SciFi, The Official Magazine of the SCI FI Channel, February 2001
by Melissa J. Perenson
Tim Russ's logical Vulcan has softened. In a recent episode, chief of security Tuvok even played a hunch, relying on instinct over logic in a thriller whodunit investigation. Will wonders never cease?
While you may not see Tuvok crack a full-blown grin any time soon, Russ agrees that seven years on Voyager has helped loosen up the staid and controlled Vulcan. "I think [Tuvok] has become much more aware of, and accepting of, human characteristics, and manifestations of that - for example. using a hunch, or a bluff," Russ notes. "And these kinds of things he learned from working with people this closely and this intensely for such a long, concentrated period of time. In an isolated situation like [this], I think that could change anyone. There's much more of a sense of belonging to this unit, much more a sense of the tendency upon others to survive - which is profound in this case. And I think it affects even someone like him."
Although Russ hasn't actively taken part in developing his character over the years, that doesn't mean he's sat idly by as the writers turned out the next week's material. "My input has always been something I've done after the story was written, or in some cases, while the story was being written," explains Russ. Case in point: season 3's "Blood Fever," in which B'Elanna Torres goes through the Vulcan Pon Farr. "There were a lot of areas [regarding Pon Farr] that had not been examined, and that we did not know about - the particulars about how one takes a bride, how one takes a mate, and what happens. So I worked with the writers very closely on that episode as it was being written."
That wasn't the only contributions Russ made; he also worked with the writers on several episodes in which Tuvok was heavily featured. Catching the writers as they write the script - as opposed to calling them up after seeing the script or while on the set - has the advantage of nipping issues in the bud. "I wanted to make sure that whatever we had done made sense, and wasn't going to look silly," says Russ. "There's a lot of input that goes into these shows."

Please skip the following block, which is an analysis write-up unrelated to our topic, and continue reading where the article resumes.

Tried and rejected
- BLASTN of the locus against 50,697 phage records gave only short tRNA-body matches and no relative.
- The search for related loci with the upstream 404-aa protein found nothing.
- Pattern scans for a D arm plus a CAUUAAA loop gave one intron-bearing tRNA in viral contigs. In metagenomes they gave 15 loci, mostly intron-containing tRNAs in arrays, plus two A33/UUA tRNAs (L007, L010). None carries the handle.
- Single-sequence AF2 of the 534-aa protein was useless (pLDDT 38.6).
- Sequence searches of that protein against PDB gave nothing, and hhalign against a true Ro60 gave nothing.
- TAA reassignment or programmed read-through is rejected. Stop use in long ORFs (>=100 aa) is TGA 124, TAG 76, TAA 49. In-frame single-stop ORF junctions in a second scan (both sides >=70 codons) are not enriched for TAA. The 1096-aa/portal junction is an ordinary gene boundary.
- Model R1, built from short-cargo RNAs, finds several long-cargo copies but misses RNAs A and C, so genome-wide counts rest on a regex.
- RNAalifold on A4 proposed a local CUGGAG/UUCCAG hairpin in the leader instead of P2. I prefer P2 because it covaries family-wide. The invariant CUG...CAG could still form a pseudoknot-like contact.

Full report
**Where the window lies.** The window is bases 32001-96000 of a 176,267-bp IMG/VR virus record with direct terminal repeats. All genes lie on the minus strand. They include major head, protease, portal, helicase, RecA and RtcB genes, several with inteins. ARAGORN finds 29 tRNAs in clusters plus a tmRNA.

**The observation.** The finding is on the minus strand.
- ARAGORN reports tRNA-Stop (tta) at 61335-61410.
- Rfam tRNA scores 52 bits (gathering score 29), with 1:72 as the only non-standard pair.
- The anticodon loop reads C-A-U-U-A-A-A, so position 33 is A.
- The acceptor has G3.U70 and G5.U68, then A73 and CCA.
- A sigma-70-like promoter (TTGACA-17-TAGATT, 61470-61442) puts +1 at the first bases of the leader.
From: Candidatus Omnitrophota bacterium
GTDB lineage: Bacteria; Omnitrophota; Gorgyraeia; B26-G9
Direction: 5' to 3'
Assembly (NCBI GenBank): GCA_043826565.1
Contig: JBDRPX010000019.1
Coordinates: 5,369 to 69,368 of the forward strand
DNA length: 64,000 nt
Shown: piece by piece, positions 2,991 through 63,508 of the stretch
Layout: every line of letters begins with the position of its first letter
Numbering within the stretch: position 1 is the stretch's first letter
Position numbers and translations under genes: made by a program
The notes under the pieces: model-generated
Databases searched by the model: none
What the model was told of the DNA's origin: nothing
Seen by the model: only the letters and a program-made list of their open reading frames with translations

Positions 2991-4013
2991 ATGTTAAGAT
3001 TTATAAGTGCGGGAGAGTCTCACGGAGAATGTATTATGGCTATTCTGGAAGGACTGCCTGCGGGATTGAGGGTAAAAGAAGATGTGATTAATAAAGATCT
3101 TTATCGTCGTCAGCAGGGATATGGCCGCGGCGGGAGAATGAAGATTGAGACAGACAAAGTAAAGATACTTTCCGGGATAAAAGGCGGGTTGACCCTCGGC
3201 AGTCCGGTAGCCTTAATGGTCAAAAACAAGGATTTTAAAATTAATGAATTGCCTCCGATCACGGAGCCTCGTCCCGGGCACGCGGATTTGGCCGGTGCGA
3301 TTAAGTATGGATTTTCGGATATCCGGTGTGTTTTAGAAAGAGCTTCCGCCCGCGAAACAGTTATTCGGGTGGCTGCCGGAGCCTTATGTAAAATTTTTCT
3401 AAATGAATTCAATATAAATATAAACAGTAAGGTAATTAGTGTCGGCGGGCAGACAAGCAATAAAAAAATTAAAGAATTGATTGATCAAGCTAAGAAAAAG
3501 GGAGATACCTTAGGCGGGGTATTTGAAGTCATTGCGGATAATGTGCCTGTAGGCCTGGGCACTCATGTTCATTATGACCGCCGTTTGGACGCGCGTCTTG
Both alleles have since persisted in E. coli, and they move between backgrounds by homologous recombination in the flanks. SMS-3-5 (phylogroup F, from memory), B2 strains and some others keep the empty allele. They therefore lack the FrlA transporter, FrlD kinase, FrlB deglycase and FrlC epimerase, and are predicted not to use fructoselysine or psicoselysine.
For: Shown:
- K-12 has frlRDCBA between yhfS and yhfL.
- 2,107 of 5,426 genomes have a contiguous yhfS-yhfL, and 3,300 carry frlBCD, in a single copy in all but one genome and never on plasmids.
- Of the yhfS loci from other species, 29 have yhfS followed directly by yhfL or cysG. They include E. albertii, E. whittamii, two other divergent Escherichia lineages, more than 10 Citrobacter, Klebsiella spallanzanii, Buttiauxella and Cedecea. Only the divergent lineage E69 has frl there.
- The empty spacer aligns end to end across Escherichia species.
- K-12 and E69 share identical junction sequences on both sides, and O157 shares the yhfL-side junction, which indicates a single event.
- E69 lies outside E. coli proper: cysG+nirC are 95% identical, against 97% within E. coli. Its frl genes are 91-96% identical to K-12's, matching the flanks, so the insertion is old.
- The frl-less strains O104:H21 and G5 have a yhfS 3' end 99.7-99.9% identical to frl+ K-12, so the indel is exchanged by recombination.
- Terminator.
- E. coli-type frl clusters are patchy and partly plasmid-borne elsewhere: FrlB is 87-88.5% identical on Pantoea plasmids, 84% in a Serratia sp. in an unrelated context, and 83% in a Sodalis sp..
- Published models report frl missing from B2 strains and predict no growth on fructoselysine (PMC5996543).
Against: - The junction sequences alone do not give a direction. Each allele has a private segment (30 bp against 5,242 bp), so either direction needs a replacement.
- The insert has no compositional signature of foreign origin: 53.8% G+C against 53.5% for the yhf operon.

Unlike other Voyager characters, who've virtually been forgotten by the writers as time wore on, Russ's Tuvok has routinely had juicy bits tossed his way over the seven seasons - enough so that he hasn't felt the need to dream up his own plot-lines for his character (although the 6th season was admittedly a dry spell). "I had not gone in that much [to the writers] and said, 'Hey, this is what he did when he went to the Academy and blah blah blah,'" admits Russ. "I haven't really examined the mechanics of this character's past, the details of where he's spent his time, because the writers have all come up with that stuff. What I will do instead is to look at what they've written, and say, 'ok, well this is great, but what about that, why don't we tweak this or tweak that. Or why don't we increase that or make it more interesting.'"
Russ usually gets involved in making sure his character stays in character "just once in a while. Usually when it's a very heavy show for your character, you want to be in touch with [the writers] and work with them closely about certain story points and certain motivations. Sometimes, it may be a story point if you're heavy in a show."
This year, however, with the changing of the guard at the helm of Voyager - exec producer Kenneth Biller replaces Brannon Braga, who's focusing on developing the next generation of Trek subtle changes to the work environment. "You can't really wing it on the set. You can try, and sometimes you can get away with it. But we've had to reshoot a couple of things this year, because we shot them one way, and then [the producers] saw the dailies or whatever, and they wanted us to reshoot them. We were a little bit more free in prior years to do a few things on our own, a s long as the director said let's try it this way or that way, we were able to do it," observes Russ. "This year it seems a little bit tighter in that area - we're not able to have so much freedom to just go ahead and try something, small bits and pieces like that, on our own.
"Ken Biller is running the show now, and he takes much more of a watchdog approach toward making sure that whatever is the script is being shot," Russ continues. "So you're much more obligated to call in and make sure that whatever you want to try to do is something that's done. You can also do it on the set by just shooting something you want to try two different ways, if there's something you want to try. And then [the producers] can look at it either way, and if they like the change, then it's already done."